winter months in south-central Florida as a source of very high quality grazing.
Ryegrass, seeded alone after a vegetable crop, used in a pasture renovation program
or in a perennial grass sod, can provide high quality forage which is quick to
establish. Cultivated areas seeded to pure stands of ryegrass can be grazed
within 2 months after seeding and grazing may extend for 120 days or more.
Ryegrass responds well to nitrogen fertilization, which leads to more rapid growth,
higher crude protein and improved digestibility.


Since new ryegrass varieties are continually being released from public and
private sources, it is important that varieties be tested under south-central
Florida conditions. In this investigation several ryegrass varieties were evaluated
for dry matter yield, seasonal forage distribution, disease resistance, and persistence
at the Ona and Immokalee Agricultural Research Centers.

HUMiE LIBRARY
Experimental Procedure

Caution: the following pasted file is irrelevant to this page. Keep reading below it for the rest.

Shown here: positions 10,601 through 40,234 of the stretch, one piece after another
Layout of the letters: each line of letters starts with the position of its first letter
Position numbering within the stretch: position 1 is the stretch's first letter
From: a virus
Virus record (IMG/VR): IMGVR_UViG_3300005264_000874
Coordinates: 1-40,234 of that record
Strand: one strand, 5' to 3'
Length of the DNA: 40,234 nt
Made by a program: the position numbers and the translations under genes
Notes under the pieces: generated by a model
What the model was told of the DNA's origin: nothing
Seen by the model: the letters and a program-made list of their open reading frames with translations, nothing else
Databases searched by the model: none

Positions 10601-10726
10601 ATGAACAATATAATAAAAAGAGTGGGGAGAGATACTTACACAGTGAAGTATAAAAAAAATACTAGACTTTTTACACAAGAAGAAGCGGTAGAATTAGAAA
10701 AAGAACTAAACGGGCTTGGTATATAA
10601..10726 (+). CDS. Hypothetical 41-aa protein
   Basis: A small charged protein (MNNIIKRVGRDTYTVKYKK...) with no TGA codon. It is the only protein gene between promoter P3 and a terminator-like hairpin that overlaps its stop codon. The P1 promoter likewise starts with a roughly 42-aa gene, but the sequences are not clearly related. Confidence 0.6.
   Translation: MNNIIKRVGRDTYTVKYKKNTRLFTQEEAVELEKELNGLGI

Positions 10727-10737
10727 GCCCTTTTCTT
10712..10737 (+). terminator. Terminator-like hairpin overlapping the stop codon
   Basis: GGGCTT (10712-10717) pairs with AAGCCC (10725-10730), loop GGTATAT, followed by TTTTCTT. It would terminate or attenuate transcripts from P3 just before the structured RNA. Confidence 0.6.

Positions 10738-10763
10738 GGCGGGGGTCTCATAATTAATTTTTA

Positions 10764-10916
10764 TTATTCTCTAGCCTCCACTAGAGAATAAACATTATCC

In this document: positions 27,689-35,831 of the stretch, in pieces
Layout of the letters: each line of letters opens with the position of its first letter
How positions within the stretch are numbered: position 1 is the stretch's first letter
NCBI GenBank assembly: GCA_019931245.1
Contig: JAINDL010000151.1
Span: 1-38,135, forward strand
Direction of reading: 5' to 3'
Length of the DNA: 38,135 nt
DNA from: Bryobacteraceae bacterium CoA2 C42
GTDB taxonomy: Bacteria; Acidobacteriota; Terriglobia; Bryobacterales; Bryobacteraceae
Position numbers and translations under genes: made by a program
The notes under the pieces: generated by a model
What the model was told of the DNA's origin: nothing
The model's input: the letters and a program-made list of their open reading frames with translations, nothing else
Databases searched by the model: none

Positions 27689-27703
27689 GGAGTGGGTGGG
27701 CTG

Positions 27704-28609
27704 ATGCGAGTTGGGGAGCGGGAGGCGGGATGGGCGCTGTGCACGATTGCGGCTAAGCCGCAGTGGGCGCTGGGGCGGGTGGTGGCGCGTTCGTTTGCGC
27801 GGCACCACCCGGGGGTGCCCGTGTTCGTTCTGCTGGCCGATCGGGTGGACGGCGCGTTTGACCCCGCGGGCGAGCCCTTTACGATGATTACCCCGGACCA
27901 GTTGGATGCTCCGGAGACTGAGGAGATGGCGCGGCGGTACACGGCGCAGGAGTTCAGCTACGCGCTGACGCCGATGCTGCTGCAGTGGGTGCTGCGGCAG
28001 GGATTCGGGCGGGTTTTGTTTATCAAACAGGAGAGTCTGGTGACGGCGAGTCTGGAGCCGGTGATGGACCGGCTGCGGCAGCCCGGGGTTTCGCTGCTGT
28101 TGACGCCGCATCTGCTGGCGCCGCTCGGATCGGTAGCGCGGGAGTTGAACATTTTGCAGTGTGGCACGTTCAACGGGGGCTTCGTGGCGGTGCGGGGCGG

JUL 18 i19D
Ten ryegrass varieties were seeded at the Ona Agric iltural Research Center
(ARC), and nine were seeded at the Immokalee ARC. Th& Allryqo6 Fdaj d
of four replications of a randomized complete block design.


Ryegrass was sown on November 13, 1981 at the Ona ARC, and November 17,
at the Immokalee ARC. Seeding rates at both locations for ryegrass was 20 lb/A.
Prior to seeding, plots at Ona were fertilized with 500 lb/A of 0-10-20 (N-P205-K20)
fertilizer, respectively, and after seedling emergence 44 lb/A of N was applied.


1/ Associate Professor and Professor, Agricultural Research Center (ARC) Ona;
Professor, Immokalee, ARC; Associate Professor, Department of Statistics,
Gainesville; Professor, Department of Agronomy, Gainesville, Florida.











At Immokalee 35 lblA of N plus 500 Ib/A of 0-10-20 fertilizer along with 10